Marketing and Sales have been dating for years, and it’s no longer okay for them to have a casual relationship. If Marketing were my daughter and her boyfriend were Sales, then I'd have to put my foot down and say, “Enough dating…it’s time to get married!” Take a look at the current situation, and I think you will agree.
They Live Separately
When your relationship is casual, you maintain your own places. Marketing lives in a cute garden apartment, and Sales lives in a downtown loft. They don’t share anything, and they spend time separately. Marketing has girls’ night out and Sales has poker night with the guys. Their communication is sporadic at best, and it's obvious they just aren’t on the same page.
They Don’t Share Finances
When Sales and Marketing are just in the dating phase, they don’t pool their money. They don’t share expenses, and they don’t leverage economies of scale. For instance, they both pay their own rent and utilities, and they don’t have any family memberships at the gym. Let’s face it: they are wasting a lot of money because they don’t work together.
They Sound Different
While Marketing and Sales are just dating, they don’t sound as if they are on the same page. When I talk to Marketing, she tells me one story, and when I talk to Sales, I hear something completely different. Marketing is always interrupting me with her advertising speak, and Sales is constantly talking about “feature” this and “benefit” that. This is a big challenge for the people around them, especially the people they want to be close to: their prospects.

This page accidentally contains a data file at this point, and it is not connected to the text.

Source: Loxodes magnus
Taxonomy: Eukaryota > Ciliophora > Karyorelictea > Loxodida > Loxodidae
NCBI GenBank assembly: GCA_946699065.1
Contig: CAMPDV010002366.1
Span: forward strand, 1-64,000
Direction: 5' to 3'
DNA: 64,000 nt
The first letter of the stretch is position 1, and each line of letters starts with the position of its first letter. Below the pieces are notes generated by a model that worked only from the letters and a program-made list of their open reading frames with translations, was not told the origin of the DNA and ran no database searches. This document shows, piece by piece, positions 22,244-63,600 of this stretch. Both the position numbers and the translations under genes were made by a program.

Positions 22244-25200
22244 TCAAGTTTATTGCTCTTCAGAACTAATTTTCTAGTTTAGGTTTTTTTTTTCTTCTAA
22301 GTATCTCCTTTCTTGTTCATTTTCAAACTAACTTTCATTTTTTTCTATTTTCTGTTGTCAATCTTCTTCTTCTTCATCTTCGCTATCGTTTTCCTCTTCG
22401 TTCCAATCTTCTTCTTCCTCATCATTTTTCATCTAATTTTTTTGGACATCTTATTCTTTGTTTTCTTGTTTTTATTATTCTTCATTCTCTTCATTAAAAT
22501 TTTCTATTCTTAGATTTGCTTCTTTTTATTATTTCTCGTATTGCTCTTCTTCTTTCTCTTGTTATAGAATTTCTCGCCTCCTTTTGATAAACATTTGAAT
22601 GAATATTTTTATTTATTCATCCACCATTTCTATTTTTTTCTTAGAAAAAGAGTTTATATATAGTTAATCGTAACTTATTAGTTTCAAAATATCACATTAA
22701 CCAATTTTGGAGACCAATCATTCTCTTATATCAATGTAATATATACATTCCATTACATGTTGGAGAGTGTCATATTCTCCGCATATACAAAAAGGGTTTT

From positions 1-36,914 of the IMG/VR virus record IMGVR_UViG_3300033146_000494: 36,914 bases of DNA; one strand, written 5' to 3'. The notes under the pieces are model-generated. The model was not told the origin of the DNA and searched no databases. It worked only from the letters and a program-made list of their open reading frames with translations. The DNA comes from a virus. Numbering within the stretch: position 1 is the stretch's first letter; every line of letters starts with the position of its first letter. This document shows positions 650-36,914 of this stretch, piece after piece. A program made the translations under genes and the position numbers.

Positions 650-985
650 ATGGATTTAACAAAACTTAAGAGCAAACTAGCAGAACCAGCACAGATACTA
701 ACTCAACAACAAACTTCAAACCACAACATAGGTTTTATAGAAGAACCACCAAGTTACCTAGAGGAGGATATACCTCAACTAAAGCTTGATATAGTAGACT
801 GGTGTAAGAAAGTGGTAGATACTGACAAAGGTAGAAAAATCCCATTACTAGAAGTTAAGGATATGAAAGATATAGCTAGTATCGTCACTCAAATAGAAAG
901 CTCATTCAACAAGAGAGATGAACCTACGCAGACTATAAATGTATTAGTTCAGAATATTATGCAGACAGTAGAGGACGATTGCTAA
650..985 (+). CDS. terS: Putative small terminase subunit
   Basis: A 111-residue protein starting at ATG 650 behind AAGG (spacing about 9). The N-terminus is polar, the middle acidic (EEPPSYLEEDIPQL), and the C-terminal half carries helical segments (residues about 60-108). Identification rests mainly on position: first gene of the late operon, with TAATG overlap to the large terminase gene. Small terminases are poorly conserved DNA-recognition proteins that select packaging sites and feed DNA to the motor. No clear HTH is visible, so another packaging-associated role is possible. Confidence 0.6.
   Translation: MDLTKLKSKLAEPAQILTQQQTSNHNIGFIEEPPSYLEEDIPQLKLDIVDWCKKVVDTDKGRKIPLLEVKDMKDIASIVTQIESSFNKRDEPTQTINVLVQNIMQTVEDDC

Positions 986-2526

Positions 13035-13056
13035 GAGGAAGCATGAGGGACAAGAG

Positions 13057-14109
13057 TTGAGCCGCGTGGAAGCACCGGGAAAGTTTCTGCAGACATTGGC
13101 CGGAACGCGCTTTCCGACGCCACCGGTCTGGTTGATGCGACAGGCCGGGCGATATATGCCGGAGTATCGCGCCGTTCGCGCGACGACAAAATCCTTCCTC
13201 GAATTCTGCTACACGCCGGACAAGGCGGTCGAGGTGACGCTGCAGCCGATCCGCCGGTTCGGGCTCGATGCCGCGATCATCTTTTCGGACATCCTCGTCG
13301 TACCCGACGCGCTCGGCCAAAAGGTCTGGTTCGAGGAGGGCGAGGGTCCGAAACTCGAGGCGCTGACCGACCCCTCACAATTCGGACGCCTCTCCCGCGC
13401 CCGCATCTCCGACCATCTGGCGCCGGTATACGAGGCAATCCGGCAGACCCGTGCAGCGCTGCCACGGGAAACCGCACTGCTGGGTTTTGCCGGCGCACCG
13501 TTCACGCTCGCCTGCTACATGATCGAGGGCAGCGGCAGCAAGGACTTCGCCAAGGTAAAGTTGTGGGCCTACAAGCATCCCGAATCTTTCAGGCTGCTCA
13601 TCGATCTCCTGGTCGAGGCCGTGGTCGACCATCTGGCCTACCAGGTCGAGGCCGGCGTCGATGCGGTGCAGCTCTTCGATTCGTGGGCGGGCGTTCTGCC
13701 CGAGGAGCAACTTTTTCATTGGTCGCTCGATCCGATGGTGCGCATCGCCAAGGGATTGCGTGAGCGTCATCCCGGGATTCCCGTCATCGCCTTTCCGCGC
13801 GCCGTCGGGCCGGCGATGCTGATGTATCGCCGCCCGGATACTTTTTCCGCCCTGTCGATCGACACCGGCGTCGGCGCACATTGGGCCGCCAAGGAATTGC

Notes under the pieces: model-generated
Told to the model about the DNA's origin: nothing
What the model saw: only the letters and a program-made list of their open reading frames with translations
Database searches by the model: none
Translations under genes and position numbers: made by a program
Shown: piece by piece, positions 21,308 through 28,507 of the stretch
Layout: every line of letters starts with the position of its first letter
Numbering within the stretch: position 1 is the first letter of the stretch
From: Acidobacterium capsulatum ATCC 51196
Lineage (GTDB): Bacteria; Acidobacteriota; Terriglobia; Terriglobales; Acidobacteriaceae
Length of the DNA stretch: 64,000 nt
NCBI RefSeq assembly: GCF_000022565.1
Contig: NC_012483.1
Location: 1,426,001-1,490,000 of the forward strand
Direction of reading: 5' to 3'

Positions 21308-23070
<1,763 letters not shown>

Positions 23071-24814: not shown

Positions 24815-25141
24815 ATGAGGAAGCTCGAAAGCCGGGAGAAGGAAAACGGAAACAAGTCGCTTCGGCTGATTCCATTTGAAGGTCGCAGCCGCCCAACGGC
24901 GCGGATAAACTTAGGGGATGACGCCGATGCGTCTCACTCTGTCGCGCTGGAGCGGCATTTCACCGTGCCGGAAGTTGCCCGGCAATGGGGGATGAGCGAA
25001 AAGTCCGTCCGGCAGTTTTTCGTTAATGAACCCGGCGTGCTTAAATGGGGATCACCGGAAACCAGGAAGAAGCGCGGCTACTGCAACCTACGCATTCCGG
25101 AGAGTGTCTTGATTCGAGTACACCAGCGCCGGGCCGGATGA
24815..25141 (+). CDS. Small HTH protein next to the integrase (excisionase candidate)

They Don’t Complement Each Other
Before they commit, Marketing and Sales' personalities are totally different. Sales is pushy, and Marketing tries to show me how smart she is. She has all the answers. And then there are the spats. Marketing thinks Sales is the problem and Sales thinks Marketing is the problem. They really need to be a team if they want to achieve their lifelong goals.
5 Reasons Marketing and Sales Should Tie the Knot
If Marketing and Sales got married, it would transform them from two individuals -- Sales and Marketing -- into one family, also known as the Revenue Department. Think about it; what if they worked together as a single unit; as a team? Here's what would happen:
1. Matched Messaging: What if Marketing and Sales said the same thing? What if their approach was aligned, educating, helping, advising, and counseling all the way through the life cycle? The sales presentation would match the messaging on the website. The sales people would be providing educational content and nurturing their leads, helping prospects feel safe and secure.
2. Return-on-Investment: What if they pooled their money? They could accomplish so much more. They would eliminate the unproductive things they did like traditional advertising, trade shows, and costly golf outings, and instead focus on the highest return activities like websites, email campaigns, lead nurturing, content creation, and social media management. They might even get on a budget and track the performance of their investments with a tool like HubSpot.
3.Integration: What if they lived together, working on challenges and focusing on the single task: driving revenue? They would understand each other so much better and be a tightly knit, integrated team. Just think about the potential.
4. Content Collaboration: If they tied the knot, they could do things together like create educational videos that highlighted the sales people so when they finally met their prospects, the prospects already felt like they knew them, liked them, and trusted them. What a warm, friendly feeling that would leave with potential clients.
5. Aligned Goals: Most importantly, if they were committed to each other, their goals would be aligned. Their hopes and dreams would now be one. Their Revenue Department would grow into the Revenue Machine their parents hoped and dreamed of when they started their own families.